The Corner

Politics & Policy

Senate Democrats Refuse to Vote for the Green New Deal

Rep. Alexandria Ocasio-Cortez and Sen. Ed Markey hold a news conference for their proposed “Green New Deal” in Washington, D.C., February 7, 2019. (Jonathan Ernst/Reuters)

After weeks of praising the Green New Deal for its supposedly ambitious, forward-thinking proposals for tackling climate change, Democratic senators refused to vote on the measure when Republican leadership brought it to the floor this afternoon.

Senate majority leader Mitch McConnell (R., Ky.) decided several weeks ago that he’d allow a vote on the measure, repeatedly citing his desire to show voters where their senators stand on it. “I could not be more glad that the American people will have the opportunity to learn precisely where each one of their senators stand on the ‘Green New Deal’: a radical, top-down, socialist makeover of the entire U.S. economy,” McConnell tweeted yesterday evening in anticipation of today’s vote.

Republicans evidently hoped to use the legislation, which contains a variety of far-fetched and fiscally unrealistic propositions, either to show Americans how radical Democrats — including 2020 presidential candidates — are becoming, or to split the left on the measure by enticing some moderate senators to vote against it.

Perhaps sensing a trap, most Democratic senators decided not to vote on the bill at all, instead voting “present.” The final vote was 0-57. All 53 Republican senators voted “no” on the measure, and they were joined by three Democrats: Doug Jones (Ala.), Joe Manchin (W.Va.), and Kyrsten Sinema (Ariz.), along with Independent senator Angus King (Maine), who caucuses with the Democrats.

According to reporting from the Washington Post, Democrats called McConnell’s decision to bring the bill to the floor a “sham,” but the majority leader had little sympathy for this claim: “Do you believe it’s a prescription for America?” McConnell said. “Then why would you not want to vote for it? A vote for ‘present’ is a vote for it.”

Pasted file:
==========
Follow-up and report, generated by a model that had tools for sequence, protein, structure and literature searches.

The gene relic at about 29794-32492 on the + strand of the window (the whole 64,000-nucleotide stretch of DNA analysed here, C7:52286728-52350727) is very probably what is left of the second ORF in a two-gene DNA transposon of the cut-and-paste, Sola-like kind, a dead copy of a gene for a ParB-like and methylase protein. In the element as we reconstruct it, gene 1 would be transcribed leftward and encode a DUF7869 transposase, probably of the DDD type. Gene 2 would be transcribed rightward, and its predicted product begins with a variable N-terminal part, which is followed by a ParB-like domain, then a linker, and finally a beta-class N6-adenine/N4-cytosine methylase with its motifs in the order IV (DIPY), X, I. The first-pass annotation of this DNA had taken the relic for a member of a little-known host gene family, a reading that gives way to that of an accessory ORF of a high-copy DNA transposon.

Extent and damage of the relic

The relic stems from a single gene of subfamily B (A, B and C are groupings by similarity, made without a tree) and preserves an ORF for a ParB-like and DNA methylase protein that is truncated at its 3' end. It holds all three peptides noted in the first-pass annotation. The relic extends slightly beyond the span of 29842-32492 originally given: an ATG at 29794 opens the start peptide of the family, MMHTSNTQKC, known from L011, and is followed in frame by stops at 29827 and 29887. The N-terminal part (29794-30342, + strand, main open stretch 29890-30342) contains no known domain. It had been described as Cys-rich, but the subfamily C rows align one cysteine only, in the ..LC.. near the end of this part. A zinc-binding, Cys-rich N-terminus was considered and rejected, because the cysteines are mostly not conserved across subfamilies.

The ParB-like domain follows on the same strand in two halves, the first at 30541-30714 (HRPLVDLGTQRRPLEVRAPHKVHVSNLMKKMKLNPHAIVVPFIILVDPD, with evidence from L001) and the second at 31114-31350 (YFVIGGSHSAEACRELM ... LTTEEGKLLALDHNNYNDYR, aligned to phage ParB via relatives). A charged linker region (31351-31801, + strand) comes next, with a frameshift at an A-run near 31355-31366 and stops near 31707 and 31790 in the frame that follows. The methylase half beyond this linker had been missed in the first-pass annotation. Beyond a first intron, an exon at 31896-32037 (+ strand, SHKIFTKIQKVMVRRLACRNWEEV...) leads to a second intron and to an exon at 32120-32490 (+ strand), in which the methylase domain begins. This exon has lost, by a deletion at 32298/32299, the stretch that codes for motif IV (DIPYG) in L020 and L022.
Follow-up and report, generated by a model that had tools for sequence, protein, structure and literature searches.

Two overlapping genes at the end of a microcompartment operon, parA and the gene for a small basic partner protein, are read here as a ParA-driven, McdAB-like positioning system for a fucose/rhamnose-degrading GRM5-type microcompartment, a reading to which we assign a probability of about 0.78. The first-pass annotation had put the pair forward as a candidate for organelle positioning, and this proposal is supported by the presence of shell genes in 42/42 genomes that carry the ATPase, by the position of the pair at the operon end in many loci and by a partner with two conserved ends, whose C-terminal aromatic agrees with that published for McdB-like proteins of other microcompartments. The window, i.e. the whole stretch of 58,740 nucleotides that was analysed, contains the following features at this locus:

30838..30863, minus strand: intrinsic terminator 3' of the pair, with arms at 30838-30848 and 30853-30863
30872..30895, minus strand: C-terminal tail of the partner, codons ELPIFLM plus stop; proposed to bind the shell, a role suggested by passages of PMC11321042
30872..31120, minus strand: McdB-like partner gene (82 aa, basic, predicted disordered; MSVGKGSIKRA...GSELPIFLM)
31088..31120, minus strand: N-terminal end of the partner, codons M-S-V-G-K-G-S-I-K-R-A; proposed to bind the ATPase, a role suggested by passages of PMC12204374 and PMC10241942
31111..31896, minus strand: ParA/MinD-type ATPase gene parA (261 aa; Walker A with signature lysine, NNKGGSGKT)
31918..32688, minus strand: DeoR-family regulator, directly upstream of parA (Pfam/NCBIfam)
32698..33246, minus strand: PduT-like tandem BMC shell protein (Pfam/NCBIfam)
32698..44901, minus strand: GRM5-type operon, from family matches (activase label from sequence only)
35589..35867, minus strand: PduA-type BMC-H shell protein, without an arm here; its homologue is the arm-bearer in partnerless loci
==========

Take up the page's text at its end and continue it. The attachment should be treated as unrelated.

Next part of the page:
Senate minority leader Chuck Schumer (D., N.Y.), meanwhile, said that “[McConnell’s] stunt is backfiring” and claimed “the Republican party is way behind the times on clean energy.” At a press conference for the Green New Deal earlier today, the Senate bill’s chief sponsor Ed Markey (D., Mass.) claimed he stood behind the proposal. “It is the national-security, economic, health-care, and moral issue of our time,” he said. But Markey, along with 52 of his fellow Democrats, still refused to vote in favor of the legislation.

Meanwhile, every Democratic senator running for president has publicly stated his or her support for the Green New Deal, and, in fact, all of them have even signed on to Markey’s legislation as a cosponsor. Yet not one of them voted in favor of the measure this afternoon.

Perhaps at a time when Democrats are proposing such unrealistic policies with a straight face, it is too much to ask that they be consistent while doing so. But at least the men and women who wish to be our next president should have the political courage either to vote for the proposals they say they support or to publicly oppose the policies for which they refuse to vote.

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